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Exploring Tidal Marsh Resilience to Sea Level Rise

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The NOAA-sponsored National Estuarine Research Reserve System released a national assessment of tidal marsh resilience in the face of rising sea levels. This assessment establishes a national monitoring baseline for estuarine climate change impacts.

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How are satellites used to observe the ocean?

This item was filled under Basics, Economy, Ecosystems, Facts, Health, Ocean Observations


Satellites are amazing tools for observing the Earth and the big blue ocean that covers more than 70 percent of our planet. By remotely sensing from their orbits high above the Earth, satellites provide us much more information than would be possible to obtain solely from the surface.

Using satellites, NOAA researchers closely study the ocean. Information gathered by satellites can tell us about ocean bathymetry, sea surface temperature, ocean color, coral reefs, and sea and lake ice. Scientists also use data collection systems on satellites to relay signals from transmitters on the ground to researchers in the field—used in applications such as measuring tidal heights and the migration of whales. Transmitters on satellites also relay position information from emergency beacons to help save lives when people are in distress on boats, airplanes, or in remote areas.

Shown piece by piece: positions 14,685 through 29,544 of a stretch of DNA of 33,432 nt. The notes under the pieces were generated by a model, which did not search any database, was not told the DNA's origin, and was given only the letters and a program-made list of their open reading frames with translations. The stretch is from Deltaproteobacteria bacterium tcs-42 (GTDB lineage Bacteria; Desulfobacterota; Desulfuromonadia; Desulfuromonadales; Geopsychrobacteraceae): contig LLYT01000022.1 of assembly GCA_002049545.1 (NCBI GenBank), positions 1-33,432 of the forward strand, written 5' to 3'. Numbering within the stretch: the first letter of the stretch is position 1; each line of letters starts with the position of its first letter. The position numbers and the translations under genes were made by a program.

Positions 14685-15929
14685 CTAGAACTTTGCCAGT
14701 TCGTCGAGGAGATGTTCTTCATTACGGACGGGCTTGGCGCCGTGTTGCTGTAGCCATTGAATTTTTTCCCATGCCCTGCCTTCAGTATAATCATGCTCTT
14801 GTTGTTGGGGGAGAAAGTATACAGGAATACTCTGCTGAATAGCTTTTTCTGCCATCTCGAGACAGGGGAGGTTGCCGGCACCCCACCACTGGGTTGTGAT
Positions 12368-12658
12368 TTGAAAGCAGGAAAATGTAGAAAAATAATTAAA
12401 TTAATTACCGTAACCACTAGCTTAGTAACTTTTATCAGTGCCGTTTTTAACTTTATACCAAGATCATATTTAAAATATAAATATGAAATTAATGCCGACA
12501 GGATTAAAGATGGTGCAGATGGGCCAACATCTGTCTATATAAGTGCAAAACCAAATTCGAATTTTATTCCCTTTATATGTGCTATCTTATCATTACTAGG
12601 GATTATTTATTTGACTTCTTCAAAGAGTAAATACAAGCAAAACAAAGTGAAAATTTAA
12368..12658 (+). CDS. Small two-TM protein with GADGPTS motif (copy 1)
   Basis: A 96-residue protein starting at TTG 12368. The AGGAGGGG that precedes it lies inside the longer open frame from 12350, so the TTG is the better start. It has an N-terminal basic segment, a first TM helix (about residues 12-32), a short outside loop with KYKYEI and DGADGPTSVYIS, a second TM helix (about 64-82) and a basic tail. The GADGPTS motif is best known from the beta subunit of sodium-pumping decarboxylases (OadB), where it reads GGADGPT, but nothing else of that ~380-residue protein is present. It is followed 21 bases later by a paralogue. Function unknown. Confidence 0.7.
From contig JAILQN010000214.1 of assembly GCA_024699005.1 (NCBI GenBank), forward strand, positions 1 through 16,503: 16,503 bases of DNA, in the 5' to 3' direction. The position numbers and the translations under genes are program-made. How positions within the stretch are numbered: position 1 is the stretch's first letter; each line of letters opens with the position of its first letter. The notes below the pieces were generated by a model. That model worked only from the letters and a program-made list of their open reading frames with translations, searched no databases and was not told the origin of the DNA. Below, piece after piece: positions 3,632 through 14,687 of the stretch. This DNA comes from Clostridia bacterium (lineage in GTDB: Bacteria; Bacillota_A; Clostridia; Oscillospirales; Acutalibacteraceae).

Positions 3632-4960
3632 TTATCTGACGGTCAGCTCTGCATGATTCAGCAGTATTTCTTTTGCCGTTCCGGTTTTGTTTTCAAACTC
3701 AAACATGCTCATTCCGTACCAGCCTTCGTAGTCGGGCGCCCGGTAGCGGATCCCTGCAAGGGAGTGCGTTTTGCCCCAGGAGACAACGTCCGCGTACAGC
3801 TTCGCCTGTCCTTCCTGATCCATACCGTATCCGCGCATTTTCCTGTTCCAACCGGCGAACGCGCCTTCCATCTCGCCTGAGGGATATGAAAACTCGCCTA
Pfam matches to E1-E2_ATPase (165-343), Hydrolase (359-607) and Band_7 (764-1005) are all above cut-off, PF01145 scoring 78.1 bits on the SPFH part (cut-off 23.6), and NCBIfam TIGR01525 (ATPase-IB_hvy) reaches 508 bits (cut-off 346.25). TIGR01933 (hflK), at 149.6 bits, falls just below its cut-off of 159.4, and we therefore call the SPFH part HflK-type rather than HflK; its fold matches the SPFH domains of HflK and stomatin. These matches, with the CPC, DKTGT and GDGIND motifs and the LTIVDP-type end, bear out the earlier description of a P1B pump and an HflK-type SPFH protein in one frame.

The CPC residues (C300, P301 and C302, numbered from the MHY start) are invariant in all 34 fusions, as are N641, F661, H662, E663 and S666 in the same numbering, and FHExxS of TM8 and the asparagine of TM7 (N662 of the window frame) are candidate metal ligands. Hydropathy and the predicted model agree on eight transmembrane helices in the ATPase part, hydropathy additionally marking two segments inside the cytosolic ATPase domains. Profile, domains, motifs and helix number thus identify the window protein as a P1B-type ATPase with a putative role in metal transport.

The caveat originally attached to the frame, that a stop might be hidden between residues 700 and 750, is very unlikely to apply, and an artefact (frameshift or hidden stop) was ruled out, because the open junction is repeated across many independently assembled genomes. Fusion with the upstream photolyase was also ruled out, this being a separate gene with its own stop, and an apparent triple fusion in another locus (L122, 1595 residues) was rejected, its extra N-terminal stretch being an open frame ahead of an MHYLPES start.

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NOAA 2017 Tide Tables are Available

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NOAA 2017 tide tables are now available. NOAA tide tables have been in production for 150 years and are used by both commercial and recreational mariners for safe navigation. Printed tide tables provide users with tide and tidal current predictions in an easy-to-read format for particular locations. NOAA's Center for Operational Oceanographic Products and Services produce these tide tables on an annual basis.

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NOAA Collects East Coast Aerial Imagery in Aftermath of Hurricane Matthew

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From October 7-10, 2016, the National Geodetic Survey collected damage assessment imagery for more than 1,200 square miles in the aftermath of Hurricane Matthew. The aerial imagery was collected in specific areas identified by FEMA and the National Weather Service.
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NOAA Collects Aerial North Carolina Imagery in Aftermath of Hurricane Matthew

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From October 11-16, the National Geodetic Survey (NGS) collected imagery of areas in North Carolina to help assess damage caused by river flooding due to heavy rains from the now-dissipated Matthew. The aerial imagery was collected in specific areas identified by FEMA and the National Weather Service.